After the first part of our four-part Rainwater Harvesting webinar series, Rainwater Harvesting as a Runoff Reduction Tool, participants had the opportunity to ask our Rainwater Harvesting experts questions.
We didn't have enough time in the hour to answer all of the questions, so we are posting them here so that they are available to all.
These were the top 5 questions asked about Rainwater Harvesting Cisterns:
- Q: What are typical backfilling requirements? Open-graded aggregate around cisterns?
A: Backfill requirements are dependent upon the structural requirements of the material used. Contech's Steel Reinforced Polyethylene and underground metal cisterns may allow in situ soil for part or the entire fill, depending on the quality of material. Other cisterns may only allow graded stone backfill. The backfill requirements are detailed in our submittal drawings, and can be found within our product pages.
- Q: Are the Steel Reinforced Polyethylene cisterns rated for potable use?
A: The resin used for the SRPE cisterns has NSF 61 Certification for potable use, but we have not yet submitted the entire system for certification.
- Q: In regards to storage, is it recommended to circulate the stored water while it is waiting to be utilized?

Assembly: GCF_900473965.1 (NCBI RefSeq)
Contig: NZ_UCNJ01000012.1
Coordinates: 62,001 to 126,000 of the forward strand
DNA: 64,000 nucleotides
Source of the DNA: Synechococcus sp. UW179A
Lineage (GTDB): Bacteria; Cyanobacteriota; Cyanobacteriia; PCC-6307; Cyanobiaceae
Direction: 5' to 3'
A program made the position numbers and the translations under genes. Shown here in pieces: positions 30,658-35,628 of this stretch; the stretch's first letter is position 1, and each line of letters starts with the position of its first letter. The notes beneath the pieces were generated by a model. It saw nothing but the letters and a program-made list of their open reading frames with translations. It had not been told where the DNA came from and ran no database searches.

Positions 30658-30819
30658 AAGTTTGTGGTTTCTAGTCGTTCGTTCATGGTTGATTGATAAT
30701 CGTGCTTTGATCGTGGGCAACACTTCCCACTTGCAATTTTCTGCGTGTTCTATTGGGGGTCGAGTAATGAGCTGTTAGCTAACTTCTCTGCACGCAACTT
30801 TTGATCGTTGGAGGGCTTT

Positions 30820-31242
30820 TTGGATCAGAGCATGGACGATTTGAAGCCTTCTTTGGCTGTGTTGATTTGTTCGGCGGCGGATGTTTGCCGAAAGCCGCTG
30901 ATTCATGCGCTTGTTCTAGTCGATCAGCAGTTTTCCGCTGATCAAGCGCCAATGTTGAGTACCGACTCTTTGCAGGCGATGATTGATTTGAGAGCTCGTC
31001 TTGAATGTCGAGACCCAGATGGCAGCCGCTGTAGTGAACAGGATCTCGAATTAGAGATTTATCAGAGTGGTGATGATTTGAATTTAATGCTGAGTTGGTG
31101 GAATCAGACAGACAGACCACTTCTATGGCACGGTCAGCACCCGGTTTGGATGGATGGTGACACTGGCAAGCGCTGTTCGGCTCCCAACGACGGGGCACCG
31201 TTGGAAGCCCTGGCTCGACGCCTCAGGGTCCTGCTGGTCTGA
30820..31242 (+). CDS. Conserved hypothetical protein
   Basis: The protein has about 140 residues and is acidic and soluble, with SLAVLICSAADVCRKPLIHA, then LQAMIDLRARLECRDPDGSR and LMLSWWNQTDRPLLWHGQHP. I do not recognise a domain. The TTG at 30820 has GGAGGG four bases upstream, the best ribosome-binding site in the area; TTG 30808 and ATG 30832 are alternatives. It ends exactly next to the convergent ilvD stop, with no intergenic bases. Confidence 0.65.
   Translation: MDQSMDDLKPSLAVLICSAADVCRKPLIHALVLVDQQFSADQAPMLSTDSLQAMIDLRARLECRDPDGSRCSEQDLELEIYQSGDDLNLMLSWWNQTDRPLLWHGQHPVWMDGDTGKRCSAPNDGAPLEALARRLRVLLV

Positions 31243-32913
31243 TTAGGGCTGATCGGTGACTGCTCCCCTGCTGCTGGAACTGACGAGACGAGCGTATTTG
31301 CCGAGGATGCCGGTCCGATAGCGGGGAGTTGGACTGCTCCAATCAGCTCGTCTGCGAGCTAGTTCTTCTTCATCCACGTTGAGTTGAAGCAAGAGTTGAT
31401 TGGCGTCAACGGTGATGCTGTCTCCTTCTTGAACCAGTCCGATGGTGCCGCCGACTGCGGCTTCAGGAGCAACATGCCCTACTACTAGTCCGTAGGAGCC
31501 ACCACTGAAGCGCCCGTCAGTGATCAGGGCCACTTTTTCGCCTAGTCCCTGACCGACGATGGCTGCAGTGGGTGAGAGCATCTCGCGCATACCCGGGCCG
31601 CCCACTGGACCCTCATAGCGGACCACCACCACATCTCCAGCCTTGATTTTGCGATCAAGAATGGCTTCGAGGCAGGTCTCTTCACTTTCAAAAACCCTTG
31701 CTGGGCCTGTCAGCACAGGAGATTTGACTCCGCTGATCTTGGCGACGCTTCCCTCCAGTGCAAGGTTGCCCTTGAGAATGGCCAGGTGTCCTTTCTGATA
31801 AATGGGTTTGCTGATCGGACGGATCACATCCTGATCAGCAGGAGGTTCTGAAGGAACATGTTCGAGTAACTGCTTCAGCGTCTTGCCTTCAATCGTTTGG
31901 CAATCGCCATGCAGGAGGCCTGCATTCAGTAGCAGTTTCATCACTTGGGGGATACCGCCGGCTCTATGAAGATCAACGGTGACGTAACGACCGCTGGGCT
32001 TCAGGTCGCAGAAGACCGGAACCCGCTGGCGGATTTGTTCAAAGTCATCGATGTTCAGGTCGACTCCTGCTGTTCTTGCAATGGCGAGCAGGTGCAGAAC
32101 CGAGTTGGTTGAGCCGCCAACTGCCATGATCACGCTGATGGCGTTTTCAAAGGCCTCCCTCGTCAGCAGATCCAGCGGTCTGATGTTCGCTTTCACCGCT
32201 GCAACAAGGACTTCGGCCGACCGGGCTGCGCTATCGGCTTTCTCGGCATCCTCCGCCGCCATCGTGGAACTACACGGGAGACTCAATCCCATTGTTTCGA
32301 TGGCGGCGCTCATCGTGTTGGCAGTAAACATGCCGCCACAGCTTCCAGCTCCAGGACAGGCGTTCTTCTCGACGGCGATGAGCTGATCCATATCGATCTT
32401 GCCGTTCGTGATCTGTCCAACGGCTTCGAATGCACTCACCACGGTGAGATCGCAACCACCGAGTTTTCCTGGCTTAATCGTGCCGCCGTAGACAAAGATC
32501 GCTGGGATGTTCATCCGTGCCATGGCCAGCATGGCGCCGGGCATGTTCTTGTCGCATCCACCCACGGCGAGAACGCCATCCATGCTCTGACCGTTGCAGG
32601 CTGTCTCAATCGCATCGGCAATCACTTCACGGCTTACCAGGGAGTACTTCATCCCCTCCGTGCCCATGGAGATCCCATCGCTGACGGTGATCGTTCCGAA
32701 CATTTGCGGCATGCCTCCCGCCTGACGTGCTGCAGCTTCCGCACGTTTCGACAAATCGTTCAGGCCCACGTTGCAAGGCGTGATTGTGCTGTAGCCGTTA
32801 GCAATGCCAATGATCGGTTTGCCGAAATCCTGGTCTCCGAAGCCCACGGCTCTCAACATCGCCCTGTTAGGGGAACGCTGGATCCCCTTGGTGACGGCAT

A: Circulation or aeration can be used if you anticipate a seasonal or sporadic demand. In general, if your demand is yearround, the water volume should turn over and additional equipment should not be necessary. Proper pre-treatment is also critical to maintaining a clean cistern. If organic material is left to decompose in the cistern, it can lead to fouling.
- Q: What filtration should be used for stormwater into a storage structure that cannot act as a settling basin (non-accessible for sediment removal)?
A: It is vital to have access to your storage cistern. Even with a high level of pretreatment, fine sediment can still collect in the cistern and over the life of the cistern, there may need to be repairs made to the calming inlet, or to fix any watertight issues. Without access, the cistern would potentially have to be removed and replaced if any problems were found.
- Q: How do cast-in-place concrete installations compare to precast for large applications?
A: Cast-in-place concrete installations can be great if a unique shape is required, or if the construction timeline is flexible due to the time required to build forms and wait for the concrete to cure properly. Precast concrete offers fast installation and pre-engineered structural designs. For a large area, this can mean freeing up land space faster and moving on to the building development.